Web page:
Bay Laurel: Gorgeous For the Landscape and Useful in the Kitchen

Laurus Nobilis

Bay laurel is an aromatic evergreen tree in the flowering Lauraceae family. It features shiny, dark green oval-shaped leaves with a leathery texture that are popularly used as a kitchen seasoning.

A bay laurel shrub growing next to a stone wall.
Photo by Lorna Kring.

Native to the Mediterranean region, it’s considered to be one of the oldest of cultivated trees. Other common names include sweet, true, and Grecian laurel.

A tall narrow stem of bay leaves growing on a shrub.
L. nobilis grows several inches each year. Photo by Lorna Kring.

Planted in the garden, it can reach a mature height of 25-55 feet, although most are kept at 2-8 feet with persistent trimming.

Small clumps of yellow flowers form in spring, followed by small purple drupes that contain a single seed.

Closeup of yellow-green and dark green bay leaves growing on a woody shrub.

Highly prized as an ornamental, L. nobilis is often trimmed into topiary shapes, and the trunks can be trained into braids and spirals. They also do very well in containers, making a handsome specimen for the patio, or simply to keep nearby as a kitchen herb.

And their beautiful glossy leaves make a handsome, long-lasting addition to bouquets of cut flowers and seasonal arrangements like Christmas wreaths and swags.

Here’s what we’re looking at in this article:

The Crown of Victory

Steeped in history and myth, wreaths of L. nobilis have been used to symbolize victory, personal achievement, and social status since antiquity.

As far back as 776 BC, ancient Greeks used the leaves to crown the victors of athletic competitions, the precursors of the modern Olympic games.

A green bay laurel tree with more growing in the distance, against a white sky.

This idea carried into the Roman era, when emperors wore a wreath like a crown to denote their divine lineage.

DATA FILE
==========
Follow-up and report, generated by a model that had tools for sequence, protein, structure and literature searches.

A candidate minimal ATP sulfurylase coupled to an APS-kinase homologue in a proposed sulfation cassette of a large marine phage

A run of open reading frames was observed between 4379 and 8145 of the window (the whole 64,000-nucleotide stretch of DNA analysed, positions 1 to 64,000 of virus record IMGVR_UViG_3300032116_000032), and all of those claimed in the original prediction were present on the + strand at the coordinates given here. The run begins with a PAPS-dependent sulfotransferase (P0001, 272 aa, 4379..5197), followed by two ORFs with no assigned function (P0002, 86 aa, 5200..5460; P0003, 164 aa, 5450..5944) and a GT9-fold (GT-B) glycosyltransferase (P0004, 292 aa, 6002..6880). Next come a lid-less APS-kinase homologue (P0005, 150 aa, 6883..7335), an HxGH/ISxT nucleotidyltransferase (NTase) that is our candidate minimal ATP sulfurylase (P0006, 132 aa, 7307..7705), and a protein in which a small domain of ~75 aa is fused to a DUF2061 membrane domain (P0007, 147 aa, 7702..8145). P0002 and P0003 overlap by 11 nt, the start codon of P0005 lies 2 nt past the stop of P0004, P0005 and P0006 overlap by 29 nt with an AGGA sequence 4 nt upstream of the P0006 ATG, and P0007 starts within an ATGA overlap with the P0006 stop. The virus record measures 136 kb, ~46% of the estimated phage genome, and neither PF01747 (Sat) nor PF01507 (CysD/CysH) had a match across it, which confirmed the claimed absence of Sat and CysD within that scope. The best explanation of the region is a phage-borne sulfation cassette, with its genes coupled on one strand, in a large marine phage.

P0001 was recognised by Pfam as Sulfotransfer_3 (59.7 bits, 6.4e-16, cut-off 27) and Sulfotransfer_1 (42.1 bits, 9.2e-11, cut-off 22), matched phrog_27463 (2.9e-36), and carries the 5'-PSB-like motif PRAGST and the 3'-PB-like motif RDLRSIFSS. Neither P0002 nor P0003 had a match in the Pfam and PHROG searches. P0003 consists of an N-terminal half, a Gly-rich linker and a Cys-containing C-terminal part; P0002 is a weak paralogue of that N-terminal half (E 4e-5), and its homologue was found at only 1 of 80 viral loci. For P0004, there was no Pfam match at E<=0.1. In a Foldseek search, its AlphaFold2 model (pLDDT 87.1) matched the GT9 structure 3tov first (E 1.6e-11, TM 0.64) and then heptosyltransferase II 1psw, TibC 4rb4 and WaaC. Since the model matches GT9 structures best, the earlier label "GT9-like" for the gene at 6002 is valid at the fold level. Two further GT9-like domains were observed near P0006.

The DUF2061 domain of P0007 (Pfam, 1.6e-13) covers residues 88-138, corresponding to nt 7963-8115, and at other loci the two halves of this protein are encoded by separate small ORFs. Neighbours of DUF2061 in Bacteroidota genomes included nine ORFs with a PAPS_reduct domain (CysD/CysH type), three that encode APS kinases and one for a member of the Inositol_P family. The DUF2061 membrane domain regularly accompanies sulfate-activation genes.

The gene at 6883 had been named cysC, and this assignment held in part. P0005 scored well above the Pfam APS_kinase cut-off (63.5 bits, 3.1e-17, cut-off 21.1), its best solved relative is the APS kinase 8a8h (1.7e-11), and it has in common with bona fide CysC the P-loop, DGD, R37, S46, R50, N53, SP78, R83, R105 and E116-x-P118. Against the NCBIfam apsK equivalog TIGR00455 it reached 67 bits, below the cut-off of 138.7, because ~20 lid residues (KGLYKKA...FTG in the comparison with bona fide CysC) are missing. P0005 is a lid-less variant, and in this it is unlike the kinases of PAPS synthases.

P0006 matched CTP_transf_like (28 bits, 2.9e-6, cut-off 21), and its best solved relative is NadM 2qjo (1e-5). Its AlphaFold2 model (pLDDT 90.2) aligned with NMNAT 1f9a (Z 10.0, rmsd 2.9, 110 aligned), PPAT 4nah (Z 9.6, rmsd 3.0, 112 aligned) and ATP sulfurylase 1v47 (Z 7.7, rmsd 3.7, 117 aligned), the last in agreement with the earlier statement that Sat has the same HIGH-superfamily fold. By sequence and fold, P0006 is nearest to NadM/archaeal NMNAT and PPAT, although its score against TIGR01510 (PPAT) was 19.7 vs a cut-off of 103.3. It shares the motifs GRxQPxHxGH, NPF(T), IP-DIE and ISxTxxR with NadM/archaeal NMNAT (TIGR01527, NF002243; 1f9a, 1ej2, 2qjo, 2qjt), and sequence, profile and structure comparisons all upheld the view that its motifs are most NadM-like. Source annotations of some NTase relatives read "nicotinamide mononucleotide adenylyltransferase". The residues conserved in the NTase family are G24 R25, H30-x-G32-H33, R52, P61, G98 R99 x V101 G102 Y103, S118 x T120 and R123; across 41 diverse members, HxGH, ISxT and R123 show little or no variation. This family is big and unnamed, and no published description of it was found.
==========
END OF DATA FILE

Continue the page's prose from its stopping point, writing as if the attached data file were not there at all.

And during the Renaissance, after doctors completed their final examinations, they were adorned with berries and branches of bay – from which we get the word “baccalaureate.”

Care and Cultivation

Sweet bay is hardy to Zone 8, enjoys a full-sun location, and should be planted in spring while still semi-dormant.

Use a soil richly amended with organic compost or well-rotted manure, adding extra grit to improve drainage and plant stability. Use a ratio of one part sand or extra-fine crushed gravel to six parts enriched soil.

For container growth, ensure plenty of drainage material is laid down before planting. Water moderately and avoid soggy roots, which can cause permanent damage.

Repot every 2-3 years, gently trimming away approximately one-third of the roots and removing the top two inches of soil. Replant in a fresh mix of amended soil and replace the top layer with mature compost.

Healthy green growth on a bay laurel shrub.
Photo by Lorna Kring.

If your region has regular freeze cycles, protect the roots by wrapping the container with bubble wrap until spring.

Fertilize containers every two weeks from spring until August using an all-purpose fertilizer, or monthly for in-ground plants.

For large specimens, provide protection from high winds, which can cause weak limbs to break.

And in areas with harsh winters, plant in containers and bring indoors to a bright, cool room or tuck into a sheltered spot, covering with burlap to protect from prolonged freezing temperatures.

Pruning and Training

Pruning requirements depend on whether your bay has been trained as a topiary, grown as a shrub, or allowed to mature into a full-sized tree.

For all sizes, prune out any dead and damaged leaves or branches in the spring. Mature, full-grown trees can be pruned hard, but re-growth is slow – carry out hard pruning over two or three years to maintain some greenery while the new growth forms.

A recently pruned bay laurel bush, with green leaves and clipped stems, in bright sunshine.